(Some alterations in original.) (Footnote and citations omitted.) (Internal quotation marks omitted.) Those "rare cases" in which the Supreme Court has deemed an error structural have involved a complete denial of counsel, a biased trial judge, racial discrimination in the selection of a grand jury, denial of self-representation at trial, and a defective reasonable-doubt instruction. Recuenco, 126 S. Ct. at 2551 n. 2. In contrast, the error in the present case is not so egregious as to require automatic reversal.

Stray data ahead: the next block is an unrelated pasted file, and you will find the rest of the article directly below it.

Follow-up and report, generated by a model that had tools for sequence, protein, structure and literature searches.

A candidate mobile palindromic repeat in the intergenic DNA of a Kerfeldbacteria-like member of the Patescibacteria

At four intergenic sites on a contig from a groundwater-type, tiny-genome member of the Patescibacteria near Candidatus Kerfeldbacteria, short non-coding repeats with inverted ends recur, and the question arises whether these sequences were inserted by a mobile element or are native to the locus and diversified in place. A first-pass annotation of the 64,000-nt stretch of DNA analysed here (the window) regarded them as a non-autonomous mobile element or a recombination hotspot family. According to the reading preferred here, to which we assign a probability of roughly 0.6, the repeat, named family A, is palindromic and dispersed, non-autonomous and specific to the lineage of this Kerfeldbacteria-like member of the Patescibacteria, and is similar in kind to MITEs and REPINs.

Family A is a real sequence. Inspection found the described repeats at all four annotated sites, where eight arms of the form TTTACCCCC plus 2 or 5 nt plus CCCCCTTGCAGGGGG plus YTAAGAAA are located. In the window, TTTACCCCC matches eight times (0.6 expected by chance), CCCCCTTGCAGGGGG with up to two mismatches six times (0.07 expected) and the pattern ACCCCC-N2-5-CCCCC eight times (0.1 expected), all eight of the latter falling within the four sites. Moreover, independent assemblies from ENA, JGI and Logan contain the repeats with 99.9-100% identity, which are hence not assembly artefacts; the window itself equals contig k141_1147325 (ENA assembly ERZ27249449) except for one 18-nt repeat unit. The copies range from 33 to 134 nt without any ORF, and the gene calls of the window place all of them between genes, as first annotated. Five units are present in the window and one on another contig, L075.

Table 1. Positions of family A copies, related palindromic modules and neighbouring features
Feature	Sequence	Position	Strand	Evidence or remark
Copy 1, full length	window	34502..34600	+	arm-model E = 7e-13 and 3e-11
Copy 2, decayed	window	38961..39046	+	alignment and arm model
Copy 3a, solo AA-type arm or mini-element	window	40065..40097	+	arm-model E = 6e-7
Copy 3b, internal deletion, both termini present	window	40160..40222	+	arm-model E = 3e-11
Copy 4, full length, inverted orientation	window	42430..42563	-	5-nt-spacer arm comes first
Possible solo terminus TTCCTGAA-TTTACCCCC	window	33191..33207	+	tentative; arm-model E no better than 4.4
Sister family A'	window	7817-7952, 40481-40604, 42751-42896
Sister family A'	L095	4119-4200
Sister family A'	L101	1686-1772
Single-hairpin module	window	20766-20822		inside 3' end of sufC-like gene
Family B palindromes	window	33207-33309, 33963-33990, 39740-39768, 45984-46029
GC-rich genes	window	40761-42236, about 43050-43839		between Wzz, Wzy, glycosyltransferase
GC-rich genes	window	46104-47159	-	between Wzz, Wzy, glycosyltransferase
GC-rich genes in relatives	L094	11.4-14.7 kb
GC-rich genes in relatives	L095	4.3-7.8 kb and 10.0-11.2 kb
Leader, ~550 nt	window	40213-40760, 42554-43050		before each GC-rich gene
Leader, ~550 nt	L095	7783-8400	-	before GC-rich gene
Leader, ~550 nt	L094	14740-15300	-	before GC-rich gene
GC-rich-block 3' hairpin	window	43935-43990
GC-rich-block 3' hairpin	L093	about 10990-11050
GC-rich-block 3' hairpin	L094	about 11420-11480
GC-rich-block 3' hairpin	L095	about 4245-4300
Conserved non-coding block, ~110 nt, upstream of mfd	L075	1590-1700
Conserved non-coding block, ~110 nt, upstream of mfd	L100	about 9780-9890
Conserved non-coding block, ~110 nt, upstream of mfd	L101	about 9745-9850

¶33 The right to make argument through counsel is unquestionably fundamental, but the scope of argument may be limited by the trial court. Such a limitation does not necessarily "`render [ ] a criminal trial fundamentally un-fair or an unreliable vehicle for determining guilt or innocence.'" Recuenco, 126 S. Ct. at 2551 (quoting Neder, 527 U.S. at 9). Rather, an erroneous limitation of the scope of closing argument merely affects the "trial process itself," Fulminante, 499 U.S. at 310, and is analogous to the numerous other constitutional errors identified by the Supreme Court as subject to harmless error analysis. Id. at 306-07 (listing errors subject to harmless error analysis, including: jury instruction misstating an element of the offense; erroneous exclusion of a defendant's testimony regarding circumstances of his confession; restriction on a defendant's right to cross-examine a witness for bias; denial of a defendant's right to be present at all critical stages; and denial of counsel at a preliminary hearing). Accordingly, we hold that the trial court's error in limiting the scope of closing argument in the present case was not structural and is subject to harmless error analysis.